Matt Damon News Column (mattdamoncolumn) wrote,
Matt Damon News Column


  • A few links of interest:

    Video of the O12 stars playing a 'stump the stars' game on The Insider.

    Another video from Extra.

    Various clips from the press tour, including Matt on Letterman, is at

    Information about the black-tie O12 premiere from a press release.

  • A writer from the Star Telegram is dismissive of the current crop of male stars except for Matt and Leo:

    With the exceptions of Matt Damon (whose Jason Bourne -- a stripped-down, self-loathing killing machine -- is arguably the most interesting mainstream movie character to emerge in the past few years) and possibly Leonardo DiCaprio (whose role as Howard Hughes in the upcoming The Aviator could finally push him over the top), moviegoers now find themselves confronting an unprecedented and vexing landscape.

  • Author John Grisham still believes The Rainmaker to be the best film adaptation from one of his books - from here.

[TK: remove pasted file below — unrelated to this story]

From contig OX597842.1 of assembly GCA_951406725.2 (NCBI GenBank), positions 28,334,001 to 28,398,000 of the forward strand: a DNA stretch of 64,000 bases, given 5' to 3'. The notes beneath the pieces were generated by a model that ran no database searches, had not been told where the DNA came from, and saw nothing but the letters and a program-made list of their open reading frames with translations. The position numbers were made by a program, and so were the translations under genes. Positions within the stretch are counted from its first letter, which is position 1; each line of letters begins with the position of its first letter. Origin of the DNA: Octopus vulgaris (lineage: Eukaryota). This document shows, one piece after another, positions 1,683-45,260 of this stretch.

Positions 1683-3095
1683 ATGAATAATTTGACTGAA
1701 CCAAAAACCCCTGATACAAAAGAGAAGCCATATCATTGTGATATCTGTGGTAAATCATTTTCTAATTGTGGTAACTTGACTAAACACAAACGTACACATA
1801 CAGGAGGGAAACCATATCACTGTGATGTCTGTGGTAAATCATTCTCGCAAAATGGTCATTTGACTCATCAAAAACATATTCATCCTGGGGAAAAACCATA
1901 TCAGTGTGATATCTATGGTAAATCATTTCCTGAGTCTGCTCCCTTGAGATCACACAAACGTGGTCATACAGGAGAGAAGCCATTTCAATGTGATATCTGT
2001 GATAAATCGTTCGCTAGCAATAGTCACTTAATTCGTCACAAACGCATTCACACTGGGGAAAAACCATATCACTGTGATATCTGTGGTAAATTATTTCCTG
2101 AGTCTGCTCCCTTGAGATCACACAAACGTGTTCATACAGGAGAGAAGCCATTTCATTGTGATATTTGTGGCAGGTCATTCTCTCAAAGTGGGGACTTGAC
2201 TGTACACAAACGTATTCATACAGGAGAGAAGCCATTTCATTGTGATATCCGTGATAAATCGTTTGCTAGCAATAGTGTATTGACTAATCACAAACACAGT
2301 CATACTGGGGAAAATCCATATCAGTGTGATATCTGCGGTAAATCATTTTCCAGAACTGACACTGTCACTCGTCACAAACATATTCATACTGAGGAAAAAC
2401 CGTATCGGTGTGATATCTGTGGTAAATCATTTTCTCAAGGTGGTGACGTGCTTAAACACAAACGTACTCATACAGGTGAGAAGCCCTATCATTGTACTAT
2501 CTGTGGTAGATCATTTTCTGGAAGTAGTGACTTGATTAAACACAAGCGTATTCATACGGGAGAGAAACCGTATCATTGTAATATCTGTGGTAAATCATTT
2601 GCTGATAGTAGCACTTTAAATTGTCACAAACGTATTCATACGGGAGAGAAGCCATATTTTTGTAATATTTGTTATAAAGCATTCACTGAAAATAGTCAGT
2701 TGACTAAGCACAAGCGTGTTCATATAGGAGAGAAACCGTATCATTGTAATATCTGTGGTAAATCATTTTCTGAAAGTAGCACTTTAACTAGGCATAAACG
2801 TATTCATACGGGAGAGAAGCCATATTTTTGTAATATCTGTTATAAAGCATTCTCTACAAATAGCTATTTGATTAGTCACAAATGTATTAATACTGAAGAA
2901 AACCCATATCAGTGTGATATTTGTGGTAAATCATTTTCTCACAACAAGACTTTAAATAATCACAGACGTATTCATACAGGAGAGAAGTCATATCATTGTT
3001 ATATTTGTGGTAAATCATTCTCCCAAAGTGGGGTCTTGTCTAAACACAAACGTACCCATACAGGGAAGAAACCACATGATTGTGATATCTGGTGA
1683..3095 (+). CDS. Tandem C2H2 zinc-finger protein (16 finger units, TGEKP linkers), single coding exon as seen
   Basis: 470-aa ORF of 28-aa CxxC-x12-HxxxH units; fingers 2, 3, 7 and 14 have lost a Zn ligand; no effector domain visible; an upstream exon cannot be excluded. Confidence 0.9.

Q: What's your favorite movie made from one of your books?

    A: The Rainmaker. Francis Ford Coppola directed it in '96 or maybe '97. It had a very young Matt Damon, Jon Voight, and Danny DeVito. I spent more time on that set. Coppola is a writer, and he really wanted me to read the script and make suggestions.

    The movie opened the weekend before The Titanic and made about $50 million. It's doing okay on home video. That's the big thing now: movies are like the previews for video.

  • Here's an excerpt from an article talking about The Good Shepherd, Matt's potential new project, back when a financier dropped out a few weeks ago:

    The studio says it remains committed to the project, but production won't go forward unless another financier can be found to cover the $110+ million production budget.

    This isn't the first stumbling block the film has encountered, the project was initially being developed at MGM before changing studios. DeNiro is also the third director attached to the project with the likes of Philip Kaufman and the late John Frankenheimer also developing it.

    IEG's withdrawal though was amicable, the company's head Graham King saying "It's one of the best scripts I've ever read (but) you can't make the movie for any less than we have it budgeted for. I certainly wouldn't disrespect Bob by getting him to cut the budget of the film".
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